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Live Review: Yasiin Bey Performs MF DOOM @ Carriageworks

14 June 2024 | 1:55 pm | Shaun Colnan

This wasn’t a regular concert but an Australian premier homage to the late great mercurial MC, DOOM.

Yasiin Bey

Yasiin Bey (Credit: Jordan Munns)

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In this world of hyper-saturation, true artistry is hard to find. In What is Art?, the Russian great Leo Tolstoy decried the developing professionalism of art, saying it would hamper creativity. That uncompromising desire to create—in spite of the capitalist urge—certainly lives on in Yasiin Bey

Bey (FKA Mos Def) walked away from the celebrity spotlight years ago, preferring the purity of his art. So, seeing the Brooklyn boy-cum-hiphop legend—especially on far-flung shores—is a rare treat. Local DJ Munasib laid the foundation for this sumptuous sonic smorgasbord, blending contemporary rap and South Asian music.

From the outset, Bey showed his eccentric humility, slowly waltzing onto the stage dressed in robes and an armoured Press vest with his face covered. He slings rose petals about the stage, with a galactic visual projection as a backdrop. Then he spray paints a canvas beneath the DJ deck. Bey announces his intentions early: “What’s happening, Sydney? Welcome to the movies. Lights out. Just me and you. Don’t be scared. We’re at the movies.” 

This cryptic and laconic welcome heralded in ALL CAPS from MF DOOM’s collab album with Madlib, 2004’s Madvillainy. Here is a lyrical feast of wit, assonance and innovative flow with Bey’s delivery the framework for this rebirth of the great Daniel Dumile. This wasn’t a regular concert but an Australian premier homage to the late great mercurial MC, Viktor Vaughan, AKA The Villain, King Gheedorah, or simply DOOM.

Then Accordion kicks into gear as Bey - silhouetted by the interstellar projections behind him - launches into the idiomatic opening line: “Living on borrowed time, the clock ticks faster.” The complexity of DOOM’s verse is the signature of his music, blending witty proverbs with fast food (“Doritos, Cheetos or Fritos”) allusions and comic references (“Dick Dastardly and Muttley with sick laughter”).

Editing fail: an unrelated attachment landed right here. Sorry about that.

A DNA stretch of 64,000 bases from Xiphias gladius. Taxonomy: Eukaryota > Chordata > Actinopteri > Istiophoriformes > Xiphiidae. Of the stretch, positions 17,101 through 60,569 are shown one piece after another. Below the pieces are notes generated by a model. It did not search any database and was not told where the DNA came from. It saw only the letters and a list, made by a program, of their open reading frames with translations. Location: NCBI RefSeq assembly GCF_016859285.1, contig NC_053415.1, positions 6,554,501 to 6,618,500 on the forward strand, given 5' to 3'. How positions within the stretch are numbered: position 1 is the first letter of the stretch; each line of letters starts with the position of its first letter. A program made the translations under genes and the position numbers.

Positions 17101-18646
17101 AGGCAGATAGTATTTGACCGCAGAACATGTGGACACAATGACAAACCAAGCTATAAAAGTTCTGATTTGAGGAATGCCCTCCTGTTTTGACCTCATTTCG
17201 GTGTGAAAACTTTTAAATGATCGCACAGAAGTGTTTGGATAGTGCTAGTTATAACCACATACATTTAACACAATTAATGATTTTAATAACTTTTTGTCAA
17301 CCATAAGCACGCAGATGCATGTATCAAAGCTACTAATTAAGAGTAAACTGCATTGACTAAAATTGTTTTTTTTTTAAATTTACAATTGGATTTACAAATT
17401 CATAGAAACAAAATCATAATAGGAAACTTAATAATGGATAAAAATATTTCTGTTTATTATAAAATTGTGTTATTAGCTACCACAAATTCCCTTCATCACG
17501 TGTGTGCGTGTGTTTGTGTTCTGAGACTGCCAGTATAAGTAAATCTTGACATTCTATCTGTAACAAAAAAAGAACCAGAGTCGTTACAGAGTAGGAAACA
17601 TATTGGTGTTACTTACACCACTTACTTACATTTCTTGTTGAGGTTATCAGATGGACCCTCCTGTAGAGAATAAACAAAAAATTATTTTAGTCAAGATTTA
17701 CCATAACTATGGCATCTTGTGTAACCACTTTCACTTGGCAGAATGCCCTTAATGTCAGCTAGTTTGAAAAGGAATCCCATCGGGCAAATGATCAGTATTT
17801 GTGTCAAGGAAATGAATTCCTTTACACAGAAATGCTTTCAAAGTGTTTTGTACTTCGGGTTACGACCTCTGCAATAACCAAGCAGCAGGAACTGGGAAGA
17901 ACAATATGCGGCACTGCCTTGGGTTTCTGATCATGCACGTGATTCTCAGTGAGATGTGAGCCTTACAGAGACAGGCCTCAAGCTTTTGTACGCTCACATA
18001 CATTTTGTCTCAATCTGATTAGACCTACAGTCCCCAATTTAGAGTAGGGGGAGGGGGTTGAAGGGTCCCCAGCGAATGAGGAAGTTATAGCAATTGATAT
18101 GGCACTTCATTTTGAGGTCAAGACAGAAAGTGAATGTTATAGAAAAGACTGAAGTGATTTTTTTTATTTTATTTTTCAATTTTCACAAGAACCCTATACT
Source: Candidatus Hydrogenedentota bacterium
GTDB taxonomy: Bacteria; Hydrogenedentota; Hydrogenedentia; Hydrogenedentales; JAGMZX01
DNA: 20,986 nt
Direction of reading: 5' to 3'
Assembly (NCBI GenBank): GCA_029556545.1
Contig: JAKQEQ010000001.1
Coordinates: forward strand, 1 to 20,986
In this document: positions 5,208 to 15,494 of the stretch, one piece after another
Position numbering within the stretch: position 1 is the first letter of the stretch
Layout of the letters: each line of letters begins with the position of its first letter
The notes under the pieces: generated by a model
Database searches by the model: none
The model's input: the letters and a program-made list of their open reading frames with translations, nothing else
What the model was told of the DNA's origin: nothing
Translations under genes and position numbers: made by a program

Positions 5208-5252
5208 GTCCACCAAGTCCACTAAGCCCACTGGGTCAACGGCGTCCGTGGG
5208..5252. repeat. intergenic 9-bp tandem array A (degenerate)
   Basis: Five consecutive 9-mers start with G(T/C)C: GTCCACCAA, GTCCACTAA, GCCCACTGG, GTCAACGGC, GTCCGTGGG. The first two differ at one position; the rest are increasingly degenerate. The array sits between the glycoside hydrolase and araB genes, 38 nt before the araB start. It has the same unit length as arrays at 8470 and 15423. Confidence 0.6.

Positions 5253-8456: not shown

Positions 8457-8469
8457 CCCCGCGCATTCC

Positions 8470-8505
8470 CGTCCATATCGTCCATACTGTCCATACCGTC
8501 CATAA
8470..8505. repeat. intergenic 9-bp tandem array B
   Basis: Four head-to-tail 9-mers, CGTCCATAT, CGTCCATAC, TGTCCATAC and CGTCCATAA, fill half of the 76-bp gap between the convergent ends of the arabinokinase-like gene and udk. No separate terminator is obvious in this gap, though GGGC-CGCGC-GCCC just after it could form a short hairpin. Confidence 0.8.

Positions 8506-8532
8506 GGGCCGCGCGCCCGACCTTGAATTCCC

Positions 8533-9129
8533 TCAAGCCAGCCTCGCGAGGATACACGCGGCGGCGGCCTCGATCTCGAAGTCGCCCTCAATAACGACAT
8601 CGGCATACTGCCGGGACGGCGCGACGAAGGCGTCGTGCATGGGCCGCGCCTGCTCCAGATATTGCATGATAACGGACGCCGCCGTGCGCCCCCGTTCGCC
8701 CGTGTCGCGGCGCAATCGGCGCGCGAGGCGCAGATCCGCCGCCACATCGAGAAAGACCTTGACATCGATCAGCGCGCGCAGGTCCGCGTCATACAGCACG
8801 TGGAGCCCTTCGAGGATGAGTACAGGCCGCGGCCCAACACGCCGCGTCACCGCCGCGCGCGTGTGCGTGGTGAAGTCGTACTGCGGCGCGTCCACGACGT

Bird sounds and beeps play out as Bey calls on that motif: “Lights out. Lights out.” Then, he seamlessly cuts into Strange Ways, a critique of the ironic truth of police brutality in the US. The track bridges defiance with defiance, critiquing the hypocrisy of religion with concise precision and poignant poise. 

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“We are all love,” Bey sang as he transitioned into Curls. Like every track on Madvillainy, the brilliance of the aural wordplay is undeniable, with Bey breathing fresh life into these vivacious rhymes. The convergence of internal rhyme, consonance and assonance provides this sonic tapestry with a gloriously layered and nuanced effect.

An acapella freestyle of “another messy murder in the arcade” showed Bey’s impeccable improvisational skills while the rehash on the beat gave these lyrics a new impetus, driving the crowd to move along. 

Then that iconic sample of Sleeping In A Jar by The Mothers Of Invention sounded, and Bey sunk into Meat Grinder, brimming with obscure pop culture references and lurid imagery like the opening line: “Tripping off the beat kinda, dripping off the meat grinder”. DOOM’s inventiveness shines through with the staying power of Shakespeare. He truly is a modern bard, flexed by his lexical dexterity and his prescient messaging. While Bey’s delivery, channelling the Madvillain, melds humour and gravitas, he is solemn and reverent, yet full of gallows comedy.

Watching him at the end of Rhymes Like Dimes - another killer song with profound lines like “Only in America could you find a way to earn a healthy buck/ And still keep your attitude on self-destruct” breaking through the tomfoolery - spinning like a whirling dervish was watching the physical embodiment of flow. 

As the set moves forward, the jet lag kicks in… “Thank you for being here…fuck, it’s so hot…little entertainment soldiers. You ever feel like that? Like you don’t want to show up but know you have to?”

His jet-lagged rambling continues, pivoting to current affairs: “It’s one thing to get accused of one felony - just one - but to be convicted of all of them?! Can you remain friends with someone who’s got, like, 37 felony convictions?... I mean, see how the appeal goes, man… it’s not about me… it’s bigger than me…”

The comic renderings of the world at large continued, moving from the profound - “Free Congo…Free Gaza” to the ridiculous: “Free wifi…Do you have the password? No, I’m just on Earth with a device… Fuck these knuckleheads in suits… Free wifi. Free your mind. Free your heart… and they’re tacky!”

Carriageworks’ Bay 17 was the perfect spot for such a performance. Given its proximity to public transport and a major university, it should be used weekly as a music venue and club. It's so strange that Sydney doesn’t want to embrace nightlife beyond crowd crushes and some light shows.

After the tribute was over, Bey even left time for two original tracks, the classic Umi Says and a more recent track, Kijani - the Swahili word for green, and a song dedicated to his “dear mother” which everyone could sing along to.

“Thank you for nerding out on rap with me…” The pleasure was all ours.